Objective data about the benefits of the Mediterranean Diet first emerged in 1970 in the Seven Counties Study. It was carried out in the US, Finland, the Netherlands, Italy, Yugoslavia, Greece and Japan, and found that men in Crete had exceptionally low death rates from heart disease, despite their moderate-to-high intake of fat.

The most commonly understood version of the Mediterranean Diet was presented, among others, by Dr Walter Willett of Harvard University’s School of Public Health from the mid-1990s on.

Olives growing on a tree in a street in Thessaloniki (Photograph: Patrick Comerford)

According to a paper from the Mayo Clinic, the Mediterranean Diet incorporates the basics of healthy eating, along with “a splash of flavourful olive oil and perhaps a glass of red wine.” They said the Mediterranean diet reduces the risk of heart disease, reduces the incidence of cancer and cancer mortality, and reduces the incidence of Parkinson’s and Alzheimer’s diseases.

The Lyon Diet Heart Study set out to mimic the Cretan diet, consisting mostly of olive oil, bread, abundant fruit and vegetables, fish, and a moderate amount of dairy foods and wine. On this diet, mortality from all causes was reduced by 70%.

Fresh grapes on a market stall in Rethymnon in Crete (Photograph: Patrick Comerford)

A study in the British Medical Journal in 2008, found that the Mediterranean Diet provides substantial protection against Type-2 diabetes, and reduces the risk of cancer of cardiovascular disease and Parkinson’s and Alzheimer’s.

Now, a trial published in the New England Journal of Medicine has found that people on the Mediterranean Diet, supplemented with mixed nuts and olive oil, have a 30 per cent reduction in the risk of having a major cardiovascular event compared to people on just a low fat diet.

Starting on the Mediterranean Diet

Bread in a Greek baker’s window in Thessaloniki (Photograph: Patrick Comerford)

For all it’s worth, here are some steps to start on the Mediterranean Diet:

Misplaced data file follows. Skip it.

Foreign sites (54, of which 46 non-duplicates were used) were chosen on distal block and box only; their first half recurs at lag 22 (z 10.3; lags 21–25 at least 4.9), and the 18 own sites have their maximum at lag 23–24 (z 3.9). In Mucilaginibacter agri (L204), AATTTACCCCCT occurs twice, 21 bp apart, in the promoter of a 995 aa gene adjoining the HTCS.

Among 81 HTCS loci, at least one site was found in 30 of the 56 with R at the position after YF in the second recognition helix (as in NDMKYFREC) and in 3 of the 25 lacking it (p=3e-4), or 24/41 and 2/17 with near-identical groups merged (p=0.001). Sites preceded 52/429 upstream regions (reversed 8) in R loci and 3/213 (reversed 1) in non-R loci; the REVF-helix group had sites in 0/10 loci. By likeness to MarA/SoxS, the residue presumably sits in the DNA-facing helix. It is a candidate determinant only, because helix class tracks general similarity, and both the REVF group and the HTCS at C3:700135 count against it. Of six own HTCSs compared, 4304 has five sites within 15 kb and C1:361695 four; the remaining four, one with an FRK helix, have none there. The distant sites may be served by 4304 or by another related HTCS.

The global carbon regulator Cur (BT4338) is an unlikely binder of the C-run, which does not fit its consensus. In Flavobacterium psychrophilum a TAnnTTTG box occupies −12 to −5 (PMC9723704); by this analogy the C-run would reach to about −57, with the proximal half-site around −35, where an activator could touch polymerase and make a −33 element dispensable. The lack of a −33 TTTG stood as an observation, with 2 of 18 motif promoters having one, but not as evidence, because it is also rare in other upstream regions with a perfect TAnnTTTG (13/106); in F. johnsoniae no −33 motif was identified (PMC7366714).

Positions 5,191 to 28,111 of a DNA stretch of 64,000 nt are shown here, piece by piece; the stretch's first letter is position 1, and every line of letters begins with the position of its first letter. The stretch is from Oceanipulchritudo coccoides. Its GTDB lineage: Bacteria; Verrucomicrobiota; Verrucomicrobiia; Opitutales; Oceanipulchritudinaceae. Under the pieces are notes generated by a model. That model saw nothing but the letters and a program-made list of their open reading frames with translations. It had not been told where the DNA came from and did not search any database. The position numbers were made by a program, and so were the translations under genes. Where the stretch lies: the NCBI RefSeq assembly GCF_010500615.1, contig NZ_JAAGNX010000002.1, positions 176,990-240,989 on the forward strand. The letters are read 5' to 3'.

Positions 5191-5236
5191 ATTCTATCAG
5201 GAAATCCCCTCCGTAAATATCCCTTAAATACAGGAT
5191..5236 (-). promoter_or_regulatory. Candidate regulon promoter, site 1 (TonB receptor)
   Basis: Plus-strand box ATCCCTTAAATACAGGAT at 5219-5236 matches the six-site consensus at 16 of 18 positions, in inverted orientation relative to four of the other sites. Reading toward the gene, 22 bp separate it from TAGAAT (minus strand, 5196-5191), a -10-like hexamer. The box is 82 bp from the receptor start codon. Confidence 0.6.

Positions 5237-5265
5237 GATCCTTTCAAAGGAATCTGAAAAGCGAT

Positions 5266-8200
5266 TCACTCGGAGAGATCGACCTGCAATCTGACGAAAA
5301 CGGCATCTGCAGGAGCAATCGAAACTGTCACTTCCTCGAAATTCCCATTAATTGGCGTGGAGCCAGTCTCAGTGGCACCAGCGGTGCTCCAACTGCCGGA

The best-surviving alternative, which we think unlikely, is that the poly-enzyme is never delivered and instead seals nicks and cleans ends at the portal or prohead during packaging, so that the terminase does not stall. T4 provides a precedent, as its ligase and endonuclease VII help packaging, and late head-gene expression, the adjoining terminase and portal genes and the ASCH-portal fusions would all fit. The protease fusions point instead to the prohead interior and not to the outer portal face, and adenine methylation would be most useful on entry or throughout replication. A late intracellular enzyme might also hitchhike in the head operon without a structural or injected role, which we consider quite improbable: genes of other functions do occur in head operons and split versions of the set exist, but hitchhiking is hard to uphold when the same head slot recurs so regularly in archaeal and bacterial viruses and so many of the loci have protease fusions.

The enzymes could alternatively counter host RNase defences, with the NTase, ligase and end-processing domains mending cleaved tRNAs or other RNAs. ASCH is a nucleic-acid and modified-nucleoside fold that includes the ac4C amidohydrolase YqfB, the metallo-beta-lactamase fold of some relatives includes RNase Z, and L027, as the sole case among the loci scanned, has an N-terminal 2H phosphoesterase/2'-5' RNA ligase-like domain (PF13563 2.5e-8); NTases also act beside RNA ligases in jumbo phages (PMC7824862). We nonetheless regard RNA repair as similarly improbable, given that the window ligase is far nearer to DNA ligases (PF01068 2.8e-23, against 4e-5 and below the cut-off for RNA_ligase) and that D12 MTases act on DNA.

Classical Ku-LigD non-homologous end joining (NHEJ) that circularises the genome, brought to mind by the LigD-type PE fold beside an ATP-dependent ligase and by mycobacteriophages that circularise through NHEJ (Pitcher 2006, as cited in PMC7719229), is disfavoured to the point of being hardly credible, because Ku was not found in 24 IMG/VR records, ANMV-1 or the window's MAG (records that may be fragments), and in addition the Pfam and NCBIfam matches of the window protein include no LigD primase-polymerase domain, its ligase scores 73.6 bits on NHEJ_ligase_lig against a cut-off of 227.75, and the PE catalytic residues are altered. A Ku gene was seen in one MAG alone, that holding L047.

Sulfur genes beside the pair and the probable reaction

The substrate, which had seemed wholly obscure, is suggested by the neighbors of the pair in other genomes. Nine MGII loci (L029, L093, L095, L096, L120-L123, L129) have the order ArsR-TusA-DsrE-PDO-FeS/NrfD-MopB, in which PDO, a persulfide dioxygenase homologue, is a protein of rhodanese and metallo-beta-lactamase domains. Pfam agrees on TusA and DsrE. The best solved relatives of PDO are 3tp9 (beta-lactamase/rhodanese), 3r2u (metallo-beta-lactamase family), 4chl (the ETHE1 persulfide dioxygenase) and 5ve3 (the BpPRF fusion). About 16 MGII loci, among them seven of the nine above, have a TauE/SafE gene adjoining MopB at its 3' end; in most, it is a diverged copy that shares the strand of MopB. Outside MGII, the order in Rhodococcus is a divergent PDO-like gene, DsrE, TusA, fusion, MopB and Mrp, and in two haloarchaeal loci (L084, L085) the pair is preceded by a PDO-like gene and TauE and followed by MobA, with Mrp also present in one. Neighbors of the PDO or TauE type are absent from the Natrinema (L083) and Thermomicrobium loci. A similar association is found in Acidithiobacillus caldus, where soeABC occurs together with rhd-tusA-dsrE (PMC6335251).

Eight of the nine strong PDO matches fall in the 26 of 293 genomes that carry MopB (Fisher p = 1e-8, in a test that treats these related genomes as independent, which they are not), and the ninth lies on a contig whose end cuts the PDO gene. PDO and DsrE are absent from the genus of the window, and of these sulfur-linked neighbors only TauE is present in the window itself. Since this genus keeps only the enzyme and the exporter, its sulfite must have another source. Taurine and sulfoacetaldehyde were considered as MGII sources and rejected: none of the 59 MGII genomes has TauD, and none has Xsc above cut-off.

1, Eat your vegetables and fruits, and switch to whole grains. An abundance and variety of plant foods should make up the majority of your meals. They should be minimally processed and bought in season. Try to eat seven to ten servings a day of vegetables and fruits. Carrots, apples and bananas are handy for quick snacks, and fruit salads are a creative way to eat more fruit.

2, Switch to wholegrain bread and cereal, and begin to eat more wholegrain rice and pasta products.

3, Eat more nuts. Keep almonds, cashews, pistachios and walnuts on hand for quick snacks.

4, Cut out or reduce your use of butter, replacing it with olive oil. Use olive oil for cooking. After cooking pasta, add a touch of olive oil, some garlic and green onions for flavouring. Dip your bread in flavoured olive oil or lightly spread it on wholegrain bread for a tasty alternative to butter. Tahini, made from blended sesame seeds, is a good dip and spread too.

Melons on a market stall in Rethymnon in Crete (Photograph: Patrick Comerford)

5, Use herbs and spices instead of salt to flavour your food – they are also rich in health-promoting substances.

Fish on a market stall in Thessaloniki (Photograph: Patrick Comerford)

6, Eat fish once or twice a week, but avoid fried fish.

7, Cut back on red meat, and substitute it with fish or poultry. When you eat red meat, make sure it is lean and in small portions, and avoid sausage, bacon and other high-fat meats.

8, Choose low-fat dairy, and limit your use of higher fat dairy products such as whole milk, cheese and ice cream. Instead, try skim milk, fat-free yoghurt and low-fat cheese.

9, Raise a glass to healthy eating. If your doctor approves, have a glass of wine at dinner.

Nikos the Fisherman in Koutouloufari ... the Mediterranean Diet includes fish that is low in fat (Photograph: Patrick Comerford)

Canon Patrick Comerford is Lecturer in Anglicanism and Liturgy, the Church of Ireland Theological Institute, and an Adjunct Assistant Professor, Trinity College Dublin. This essay was first published in May 2013 in the Church Review (Dublin and Glendalough) and the Diocesan Magazine (Cashel and Ossory).